1. "what is she?" Ouch!
      And I think that they probably meant something entirely different. Like "Was she born in China?" but didn't quite articulate it correctly. I think that's what I mean about correcting words and phrases. I really think it's ok to do it, and our kiddos will be the better for it. After all, I've put my foot in my mouth plenty of times and am appreciative when I learn a better way to say something.

  11. Love love love this!! This reminds me of a post I did a little while back:

    People say the darndest things! Thanks for stopping by my blog! Look forward to checking your's out too!

  12. I love this post! We are in the process of adopting our daughter from China right now and I must admit when I see Asian children with their families my heart overflows with joy. I get teary eyed thinking, "Wow someday Meiya will be here with us and I can not wait." Usually if I am caught by a parent seeing me all weepy eyed looking at their families I will show them a picture of Meiya. And tell them we are in the process. I try to keep it short and sweet. I never ask questions. My thinking is I really want to connect with local families who have adopted from China or any other Asian countries. I will try to be more careful now not to stare. Blog posts like this are very helpful to me for our future endeavors we may face with the general public. Thank you for this! God bless!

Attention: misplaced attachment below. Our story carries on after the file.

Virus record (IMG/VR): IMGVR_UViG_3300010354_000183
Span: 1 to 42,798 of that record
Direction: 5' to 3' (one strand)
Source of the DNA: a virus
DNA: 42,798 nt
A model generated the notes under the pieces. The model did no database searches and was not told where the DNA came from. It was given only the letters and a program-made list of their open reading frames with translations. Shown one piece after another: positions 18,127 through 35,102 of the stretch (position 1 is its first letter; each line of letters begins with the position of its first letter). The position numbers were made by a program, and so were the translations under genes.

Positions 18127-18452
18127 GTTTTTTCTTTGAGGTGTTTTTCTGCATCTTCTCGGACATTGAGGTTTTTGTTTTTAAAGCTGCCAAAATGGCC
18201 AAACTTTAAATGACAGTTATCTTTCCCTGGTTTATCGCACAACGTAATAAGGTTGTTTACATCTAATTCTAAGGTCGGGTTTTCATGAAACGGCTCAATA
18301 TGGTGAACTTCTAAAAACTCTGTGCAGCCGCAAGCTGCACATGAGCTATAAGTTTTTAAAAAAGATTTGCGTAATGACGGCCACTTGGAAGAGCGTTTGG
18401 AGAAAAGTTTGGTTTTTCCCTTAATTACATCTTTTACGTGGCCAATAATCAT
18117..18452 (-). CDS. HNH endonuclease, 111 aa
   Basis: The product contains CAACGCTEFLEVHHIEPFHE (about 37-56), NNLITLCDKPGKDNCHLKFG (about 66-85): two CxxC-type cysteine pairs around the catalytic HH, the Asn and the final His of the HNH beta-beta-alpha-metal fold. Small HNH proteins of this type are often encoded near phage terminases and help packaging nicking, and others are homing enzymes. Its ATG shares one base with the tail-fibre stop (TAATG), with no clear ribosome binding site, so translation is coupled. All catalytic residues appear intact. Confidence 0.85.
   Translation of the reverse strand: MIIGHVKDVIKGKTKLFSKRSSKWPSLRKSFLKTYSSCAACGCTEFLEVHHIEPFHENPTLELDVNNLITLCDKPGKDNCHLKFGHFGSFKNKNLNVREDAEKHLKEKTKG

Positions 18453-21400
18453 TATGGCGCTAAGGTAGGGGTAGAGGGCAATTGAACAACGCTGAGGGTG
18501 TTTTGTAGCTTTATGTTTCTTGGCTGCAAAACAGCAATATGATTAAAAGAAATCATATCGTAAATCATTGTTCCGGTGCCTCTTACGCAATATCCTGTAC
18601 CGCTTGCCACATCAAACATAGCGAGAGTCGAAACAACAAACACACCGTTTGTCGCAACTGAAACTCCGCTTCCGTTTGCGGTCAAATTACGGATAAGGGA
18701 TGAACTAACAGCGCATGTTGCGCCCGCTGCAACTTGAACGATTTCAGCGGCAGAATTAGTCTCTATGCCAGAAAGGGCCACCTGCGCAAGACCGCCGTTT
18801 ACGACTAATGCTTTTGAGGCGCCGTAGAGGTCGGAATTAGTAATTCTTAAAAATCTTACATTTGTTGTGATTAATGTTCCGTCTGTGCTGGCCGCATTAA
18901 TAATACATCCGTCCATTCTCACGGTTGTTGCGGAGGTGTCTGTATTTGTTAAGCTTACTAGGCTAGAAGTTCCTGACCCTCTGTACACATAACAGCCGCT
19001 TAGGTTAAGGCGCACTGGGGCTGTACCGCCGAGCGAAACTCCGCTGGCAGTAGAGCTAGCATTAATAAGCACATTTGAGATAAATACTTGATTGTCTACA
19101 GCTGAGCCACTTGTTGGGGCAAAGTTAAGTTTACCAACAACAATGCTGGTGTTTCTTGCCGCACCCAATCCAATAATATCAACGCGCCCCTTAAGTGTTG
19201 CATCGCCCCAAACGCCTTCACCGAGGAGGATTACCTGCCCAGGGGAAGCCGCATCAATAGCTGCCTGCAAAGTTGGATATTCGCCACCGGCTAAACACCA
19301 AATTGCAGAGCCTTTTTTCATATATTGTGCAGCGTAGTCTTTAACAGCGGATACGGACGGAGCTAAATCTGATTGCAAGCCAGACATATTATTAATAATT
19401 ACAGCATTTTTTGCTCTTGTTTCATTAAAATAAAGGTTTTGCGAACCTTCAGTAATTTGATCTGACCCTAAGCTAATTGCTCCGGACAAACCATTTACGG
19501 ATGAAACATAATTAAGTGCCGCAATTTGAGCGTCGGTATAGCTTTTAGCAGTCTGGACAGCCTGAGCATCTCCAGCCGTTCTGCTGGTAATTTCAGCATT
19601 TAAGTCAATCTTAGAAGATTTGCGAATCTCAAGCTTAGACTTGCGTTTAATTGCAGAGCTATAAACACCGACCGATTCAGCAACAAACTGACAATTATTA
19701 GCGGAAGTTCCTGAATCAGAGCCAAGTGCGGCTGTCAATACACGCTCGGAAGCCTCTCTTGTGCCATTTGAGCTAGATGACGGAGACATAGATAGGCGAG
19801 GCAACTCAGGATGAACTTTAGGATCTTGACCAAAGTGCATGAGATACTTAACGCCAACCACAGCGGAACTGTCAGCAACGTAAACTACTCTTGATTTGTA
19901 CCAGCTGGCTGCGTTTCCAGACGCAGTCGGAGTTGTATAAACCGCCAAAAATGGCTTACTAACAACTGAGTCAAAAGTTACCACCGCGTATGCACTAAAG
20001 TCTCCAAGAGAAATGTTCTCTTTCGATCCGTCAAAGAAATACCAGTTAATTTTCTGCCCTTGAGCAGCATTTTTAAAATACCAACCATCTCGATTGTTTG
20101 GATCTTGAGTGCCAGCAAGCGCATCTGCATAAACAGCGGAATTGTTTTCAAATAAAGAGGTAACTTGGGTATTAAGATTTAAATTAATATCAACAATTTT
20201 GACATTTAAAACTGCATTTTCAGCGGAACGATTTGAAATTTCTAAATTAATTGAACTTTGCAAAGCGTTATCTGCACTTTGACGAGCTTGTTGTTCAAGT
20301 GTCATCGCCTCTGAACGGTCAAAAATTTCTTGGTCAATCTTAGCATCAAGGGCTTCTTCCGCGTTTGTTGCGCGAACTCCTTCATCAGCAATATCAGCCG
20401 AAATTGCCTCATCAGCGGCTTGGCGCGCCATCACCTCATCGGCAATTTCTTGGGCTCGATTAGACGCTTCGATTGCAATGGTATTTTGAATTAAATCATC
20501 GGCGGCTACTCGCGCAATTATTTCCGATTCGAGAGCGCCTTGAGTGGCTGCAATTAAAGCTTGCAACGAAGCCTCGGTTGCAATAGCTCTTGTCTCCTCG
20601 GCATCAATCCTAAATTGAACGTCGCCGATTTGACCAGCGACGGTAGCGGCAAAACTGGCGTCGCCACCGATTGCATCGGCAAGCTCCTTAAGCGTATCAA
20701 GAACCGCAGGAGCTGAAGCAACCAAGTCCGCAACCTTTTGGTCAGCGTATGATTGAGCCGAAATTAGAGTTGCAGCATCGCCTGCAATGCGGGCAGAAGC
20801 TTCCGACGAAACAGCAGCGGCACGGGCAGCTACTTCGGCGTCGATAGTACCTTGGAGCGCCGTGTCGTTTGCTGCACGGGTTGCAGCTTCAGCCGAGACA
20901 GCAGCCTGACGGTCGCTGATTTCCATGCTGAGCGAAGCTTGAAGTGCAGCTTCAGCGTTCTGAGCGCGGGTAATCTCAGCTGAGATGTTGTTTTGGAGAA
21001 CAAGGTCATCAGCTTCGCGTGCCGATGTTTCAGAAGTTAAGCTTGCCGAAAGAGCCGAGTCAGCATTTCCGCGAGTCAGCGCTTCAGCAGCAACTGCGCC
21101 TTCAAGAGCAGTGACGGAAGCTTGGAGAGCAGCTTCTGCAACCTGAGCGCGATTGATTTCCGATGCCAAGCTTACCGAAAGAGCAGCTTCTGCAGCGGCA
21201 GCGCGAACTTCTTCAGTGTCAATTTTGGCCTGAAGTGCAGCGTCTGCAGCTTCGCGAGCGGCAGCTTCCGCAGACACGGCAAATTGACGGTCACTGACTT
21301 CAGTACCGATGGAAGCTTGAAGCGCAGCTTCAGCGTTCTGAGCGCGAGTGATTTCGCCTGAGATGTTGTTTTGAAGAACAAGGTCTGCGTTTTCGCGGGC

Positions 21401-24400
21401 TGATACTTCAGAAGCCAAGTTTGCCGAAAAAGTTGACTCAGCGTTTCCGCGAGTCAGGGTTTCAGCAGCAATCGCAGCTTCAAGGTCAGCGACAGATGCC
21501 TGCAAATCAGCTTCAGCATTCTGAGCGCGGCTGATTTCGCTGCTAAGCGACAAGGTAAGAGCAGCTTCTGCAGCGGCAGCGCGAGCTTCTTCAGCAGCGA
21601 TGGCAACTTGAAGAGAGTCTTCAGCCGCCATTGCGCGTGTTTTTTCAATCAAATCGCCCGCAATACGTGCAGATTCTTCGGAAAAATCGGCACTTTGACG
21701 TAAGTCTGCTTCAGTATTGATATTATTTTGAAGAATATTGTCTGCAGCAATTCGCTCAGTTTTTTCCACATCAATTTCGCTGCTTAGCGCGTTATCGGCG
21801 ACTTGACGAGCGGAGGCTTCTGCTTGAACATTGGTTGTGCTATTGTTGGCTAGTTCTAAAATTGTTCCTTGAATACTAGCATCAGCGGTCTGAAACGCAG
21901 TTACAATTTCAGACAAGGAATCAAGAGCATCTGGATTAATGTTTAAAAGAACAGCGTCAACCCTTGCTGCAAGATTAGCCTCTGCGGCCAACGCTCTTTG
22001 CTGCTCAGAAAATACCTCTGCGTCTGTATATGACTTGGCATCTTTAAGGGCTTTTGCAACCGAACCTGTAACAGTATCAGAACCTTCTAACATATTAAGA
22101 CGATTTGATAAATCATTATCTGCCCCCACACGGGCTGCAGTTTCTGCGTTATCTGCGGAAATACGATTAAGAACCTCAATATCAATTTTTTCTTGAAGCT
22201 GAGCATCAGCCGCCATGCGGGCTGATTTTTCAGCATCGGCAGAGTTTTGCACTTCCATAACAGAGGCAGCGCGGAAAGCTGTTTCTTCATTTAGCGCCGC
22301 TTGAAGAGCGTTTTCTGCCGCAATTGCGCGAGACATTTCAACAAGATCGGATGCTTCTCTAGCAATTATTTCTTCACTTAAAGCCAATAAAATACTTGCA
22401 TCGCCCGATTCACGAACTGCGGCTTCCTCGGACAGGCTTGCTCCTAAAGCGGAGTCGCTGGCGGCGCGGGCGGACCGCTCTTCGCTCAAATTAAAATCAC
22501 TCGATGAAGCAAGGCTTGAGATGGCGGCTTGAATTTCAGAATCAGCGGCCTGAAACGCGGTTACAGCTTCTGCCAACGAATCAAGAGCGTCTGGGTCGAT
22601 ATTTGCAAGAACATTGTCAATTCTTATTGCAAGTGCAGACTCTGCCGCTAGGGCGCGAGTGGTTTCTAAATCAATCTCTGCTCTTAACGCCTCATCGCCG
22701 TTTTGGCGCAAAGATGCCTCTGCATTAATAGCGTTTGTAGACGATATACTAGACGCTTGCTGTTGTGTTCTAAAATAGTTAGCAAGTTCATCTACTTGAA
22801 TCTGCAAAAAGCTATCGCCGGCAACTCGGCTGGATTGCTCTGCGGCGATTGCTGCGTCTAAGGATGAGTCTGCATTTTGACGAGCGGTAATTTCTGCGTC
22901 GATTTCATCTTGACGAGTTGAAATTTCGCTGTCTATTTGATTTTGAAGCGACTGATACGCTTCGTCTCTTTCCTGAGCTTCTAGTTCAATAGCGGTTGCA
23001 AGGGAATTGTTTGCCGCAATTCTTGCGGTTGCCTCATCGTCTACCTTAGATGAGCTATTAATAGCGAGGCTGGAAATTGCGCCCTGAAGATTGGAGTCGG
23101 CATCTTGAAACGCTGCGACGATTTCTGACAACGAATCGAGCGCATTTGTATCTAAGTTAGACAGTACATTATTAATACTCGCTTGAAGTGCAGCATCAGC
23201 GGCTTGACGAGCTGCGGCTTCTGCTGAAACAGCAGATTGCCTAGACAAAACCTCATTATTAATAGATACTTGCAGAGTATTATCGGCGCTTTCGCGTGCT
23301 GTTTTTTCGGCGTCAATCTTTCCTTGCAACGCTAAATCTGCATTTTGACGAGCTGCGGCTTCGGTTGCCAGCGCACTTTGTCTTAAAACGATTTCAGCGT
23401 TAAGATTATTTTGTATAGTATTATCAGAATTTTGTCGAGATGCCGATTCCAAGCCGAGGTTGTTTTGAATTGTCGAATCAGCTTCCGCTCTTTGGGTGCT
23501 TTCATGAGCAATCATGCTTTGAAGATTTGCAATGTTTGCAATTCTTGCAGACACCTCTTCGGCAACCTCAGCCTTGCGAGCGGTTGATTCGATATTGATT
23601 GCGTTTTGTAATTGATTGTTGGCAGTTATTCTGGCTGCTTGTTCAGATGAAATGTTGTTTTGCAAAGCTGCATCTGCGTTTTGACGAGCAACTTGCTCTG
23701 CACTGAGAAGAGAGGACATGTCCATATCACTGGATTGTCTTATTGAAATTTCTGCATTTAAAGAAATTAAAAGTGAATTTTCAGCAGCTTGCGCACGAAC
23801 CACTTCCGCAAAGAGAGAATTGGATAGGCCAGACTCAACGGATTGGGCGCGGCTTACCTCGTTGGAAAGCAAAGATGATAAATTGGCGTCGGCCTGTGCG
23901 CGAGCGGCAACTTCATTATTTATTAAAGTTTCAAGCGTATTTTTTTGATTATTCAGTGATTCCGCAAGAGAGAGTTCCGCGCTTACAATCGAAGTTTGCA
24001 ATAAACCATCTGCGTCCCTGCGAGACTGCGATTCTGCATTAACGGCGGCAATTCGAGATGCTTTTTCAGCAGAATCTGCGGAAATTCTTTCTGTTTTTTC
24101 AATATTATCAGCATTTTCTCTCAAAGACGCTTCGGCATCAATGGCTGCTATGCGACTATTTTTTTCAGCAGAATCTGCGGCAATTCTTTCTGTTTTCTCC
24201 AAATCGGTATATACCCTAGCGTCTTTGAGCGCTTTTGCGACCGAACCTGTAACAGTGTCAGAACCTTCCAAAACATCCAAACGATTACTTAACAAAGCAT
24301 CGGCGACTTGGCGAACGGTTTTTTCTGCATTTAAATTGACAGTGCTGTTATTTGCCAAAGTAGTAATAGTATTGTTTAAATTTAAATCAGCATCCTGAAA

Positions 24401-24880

1. I think if I could re-post this, I'd be sure to include that I think the questions, if well meaning and the timing is right, are OK by me! the questions aren't bad. after all, we don't want our children to think adoption is bad or to be hidden or something not to be talked about. (I'm not talked about the obviously mean spirited and/or rude stuff here.) I just wanted to give folks a way to approach the question, which is something I fumbled with for a long time.
      I used to share our pic with anyone that would hold still long enough to see it! Oh I remember the days!

  13. I think you should consider printing this out and keeping a copy in your purse so you can hand it to the next person who asks questions poorly or inappropriately in front of your kids.

    I had a lovely interaction at the grocery store about a month ago. A woman came up to me when I had stepped back from the cart to get something off a shelf and she whispered tentatively "is your daughter from China?" I said yes and she got a huge smile on her face and said her daughter was from China as well and was just a little younger than mine when she brought her home. She said my daughter reminded her of hers at that age and how quickly it all goes by-- saying hers is now in her late teens. She said we had so many great times ahead of us...